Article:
True, liberties are enshrined in documents such as the American bill of rights which the state cannot infringe upon. That there are avenues of appeal against unjust laws through a judicial system is critical to that. You really seem to be under the false impression that if the law claims God as justification then either it cannot do wrong or that it is restricted from truly infringing liberties, to that end I call bullshit; as religious law is inherently anti-liberty; it is predicated upon the belief in and subjugation to God, in the absence of that belief (or a belief in a different interpretation) one is open to persecution. A state should only be justified by it's populace, that they see fit to pay taxes and engage with it because it represents their interests as sentient organisms, a secular state is good because it may do so fairly without discriminating by whatever fairy tale the different individuals believe in.
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Is that really true? We've been talking about the first page of the Bible but mine has some 2500 more. It is an owners manual for man. There are of coarse other religions but there seems to be no doubt that religious believers on whole are happier, more charitable, less lonely, better able to cope with suffering and death and they reproduce at a greater rate.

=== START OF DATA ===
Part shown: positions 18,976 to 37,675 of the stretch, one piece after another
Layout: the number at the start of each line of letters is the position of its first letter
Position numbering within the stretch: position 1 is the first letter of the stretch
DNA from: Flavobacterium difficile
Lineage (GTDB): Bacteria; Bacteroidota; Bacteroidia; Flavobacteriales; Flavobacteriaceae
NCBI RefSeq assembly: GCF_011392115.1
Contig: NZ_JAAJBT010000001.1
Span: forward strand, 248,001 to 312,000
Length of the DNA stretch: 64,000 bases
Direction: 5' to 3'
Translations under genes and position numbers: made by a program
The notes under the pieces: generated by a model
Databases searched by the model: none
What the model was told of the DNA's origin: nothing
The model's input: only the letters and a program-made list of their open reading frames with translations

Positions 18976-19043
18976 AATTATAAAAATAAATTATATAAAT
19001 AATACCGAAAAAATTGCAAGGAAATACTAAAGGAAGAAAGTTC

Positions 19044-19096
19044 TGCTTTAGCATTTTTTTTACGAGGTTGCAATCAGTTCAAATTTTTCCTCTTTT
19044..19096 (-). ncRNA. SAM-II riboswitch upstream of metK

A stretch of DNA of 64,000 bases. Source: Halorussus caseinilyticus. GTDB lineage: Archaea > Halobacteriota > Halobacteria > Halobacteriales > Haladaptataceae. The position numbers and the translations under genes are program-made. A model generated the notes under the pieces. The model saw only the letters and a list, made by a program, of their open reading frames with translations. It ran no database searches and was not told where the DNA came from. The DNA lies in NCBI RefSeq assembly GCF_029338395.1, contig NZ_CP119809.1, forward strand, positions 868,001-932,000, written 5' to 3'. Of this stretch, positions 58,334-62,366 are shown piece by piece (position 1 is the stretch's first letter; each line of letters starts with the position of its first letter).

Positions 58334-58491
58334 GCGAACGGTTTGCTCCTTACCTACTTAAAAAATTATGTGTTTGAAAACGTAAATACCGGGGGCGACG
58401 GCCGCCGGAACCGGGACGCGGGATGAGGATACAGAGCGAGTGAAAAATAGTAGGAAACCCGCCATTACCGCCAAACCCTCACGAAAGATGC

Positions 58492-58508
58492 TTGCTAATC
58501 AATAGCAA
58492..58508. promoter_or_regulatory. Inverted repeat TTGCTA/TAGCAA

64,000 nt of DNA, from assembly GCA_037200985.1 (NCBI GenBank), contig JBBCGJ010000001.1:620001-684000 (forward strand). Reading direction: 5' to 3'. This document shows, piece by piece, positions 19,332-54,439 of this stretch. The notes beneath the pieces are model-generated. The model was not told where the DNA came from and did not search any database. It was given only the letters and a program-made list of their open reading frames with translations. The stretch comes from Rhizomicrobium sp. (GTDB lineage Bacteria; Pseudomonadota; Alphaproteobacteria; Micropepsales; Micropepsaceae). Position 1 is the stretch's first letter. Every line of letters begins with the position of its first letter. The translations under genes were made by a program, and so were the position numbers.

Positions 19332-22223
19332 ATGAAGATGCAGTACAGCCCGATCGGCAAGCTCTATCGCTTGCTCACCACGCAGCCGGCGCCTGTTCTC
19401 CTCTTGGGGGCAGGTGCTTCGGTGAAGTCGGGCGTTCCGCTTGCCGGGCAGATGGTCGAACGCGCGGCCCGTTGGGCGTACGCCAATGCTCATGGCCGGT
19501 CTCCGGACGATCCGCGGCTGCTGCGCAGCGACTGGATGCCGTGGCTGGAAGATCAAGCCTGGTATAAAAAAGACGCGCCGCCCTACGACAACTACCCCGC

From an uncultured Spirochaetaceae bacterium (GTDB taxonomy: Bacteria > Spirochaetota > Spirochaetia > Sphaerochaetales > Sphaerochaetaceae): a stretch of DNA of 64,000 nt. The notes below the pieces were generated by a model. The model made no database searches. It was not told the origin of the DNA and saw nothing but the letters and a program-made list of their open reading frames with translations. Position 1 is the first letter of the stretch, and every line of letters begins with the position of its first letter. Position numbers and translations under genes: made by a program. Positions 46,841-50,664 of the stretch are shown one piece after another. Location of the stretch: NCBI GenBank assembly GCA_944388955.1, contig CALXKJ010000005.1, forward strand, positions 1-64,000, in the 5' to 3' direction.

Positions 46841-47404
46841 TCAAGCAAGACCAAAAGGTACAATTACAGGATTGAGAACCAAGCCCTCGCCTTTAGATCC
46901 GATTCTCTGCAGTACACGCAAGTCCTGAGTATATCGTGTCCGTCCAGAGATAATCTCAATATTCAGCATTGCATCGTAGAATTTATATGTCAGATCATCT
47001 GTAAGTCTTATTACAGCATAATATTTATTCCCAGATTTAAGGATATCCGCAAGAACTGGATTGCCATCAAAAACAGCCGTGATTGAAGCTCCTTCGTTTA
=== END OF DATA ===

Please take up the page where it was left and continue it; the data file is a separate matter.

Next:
An owners manual for man? One could derive better morality from different types of man made literature than the bible, Shakespeare comes to mind instantly. That believers may subsidise others belief, hang out with each other and fuck their women more (without birth control) says nothing of the texts validity merely that the lifestyle is condusive to spreading (and as a cultural meme religion has been very effective and one would expect that).
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Maybe that is the biological predisposition to faith. Secular societies don't seem able to sustain themselves biologically.
There is in fact very real evidence of that today. The native populations of Europe, Russia and Japan are all shrinking.
The emancipation of women has a very large factor in a declining birth rate, that Europe is below replacement level rates is not strictly related to the decline in faith but even if it was it doesn't reflect well upon religion. That in a post-Christian society women are free to pursue education and career (at the expense of settling down to being housewives and pumping out Christian soldiers) is not a bad thing.

If you throw out examples of problems that exist in secular societies I am happy to throw the alternative problems that exist in religious ones, low birth rates in free first world nations contrasts to women enslaved to offspring in the third world, high rates of birth control and abortion contrast against more teenage pregnancy, offensive artwork against censorship and intimidation of artists.